Biden's Offshore Plan Upsets Oil Industry and Environmentalists Alike
The Biden administration plans to reduce the frequency of future offshore oil and gas lease sales to a historic low, drawing the ire of the energy industry without satisfying the objectives of environmental groups.
The Department of the Interior's five-year plan "phases down" oil and gas auctions in the U.S. Gulf of Mexico with three lease sales, one each in 2025, 2027 and 2029. It also calls for a moratorium on E&P leasing off the Atlantic, Pacific and Alaskan coastlines.
In a statement Friday, the Department of the Interior noted that this would be the smallest number of offshore oil and gas lease sales in industry history. It also explained that the number was the minimum needed to comply with a leasing provision in the Inflation Reduction Act: this clause requires the administration to hold at least one offshore E&P auction in the same year it holds an offshore wind lease auction.
The one-for-one provision was added during the White House's negotiations with Senator Joe Manchin (D-WV), an energy-industry advocate whose vote was required to pass the IRA. In recent months, Sen. Manchin has made clear that he believes the Biden administration has violated the spirit of that compromise.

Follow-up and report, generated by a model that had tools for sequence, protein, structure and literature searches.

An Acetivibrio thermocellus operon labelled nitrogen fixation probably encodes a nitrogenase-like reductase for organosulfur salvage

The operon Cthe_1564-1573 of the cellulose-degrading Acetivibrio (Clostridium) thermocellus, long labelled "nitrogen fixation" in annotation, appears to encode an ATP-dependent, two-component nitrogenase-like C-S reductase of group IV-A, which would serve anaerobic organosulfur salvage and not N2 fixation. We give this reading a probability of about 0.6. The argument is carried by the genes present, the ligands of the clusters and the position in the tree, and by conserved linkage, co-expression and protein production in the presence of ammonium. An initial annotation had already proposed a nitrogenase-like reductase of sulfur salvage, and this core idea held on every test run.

"This administration is trying as hard as they can to implement a version of the legislation that never passed," said Manchin in an interview Sunday. "You can't just go with all renewables if you aren't producing the energy the country needs."
The American Petroleum Insitute (API), the largest oil and gas producers' association, also slammed the five-year plan and accused the administration of implementing a "coordinated strategy to reduce energy production."
"For decades, we’ve strived for energy security and this administration keeps trying to give it away," said API President and CEO Mike Sommers.
Environmental groups also decried the administration's lease plan, but for the opposite reason: for climate activists, three auctions in five years is still three auctions too many.
“[The lease plan] piles more harm on already-struggling ecosystems, endangered species and the global climate,” said Brady Bradshaw, senior oceans campaigner at the Center for Biological Diversity. “We need Biden to commit to a fossil fuel phaseout, but actions like this condemn us to oil spills, climate disasters and decades of toxic harm to communities and wildlife.”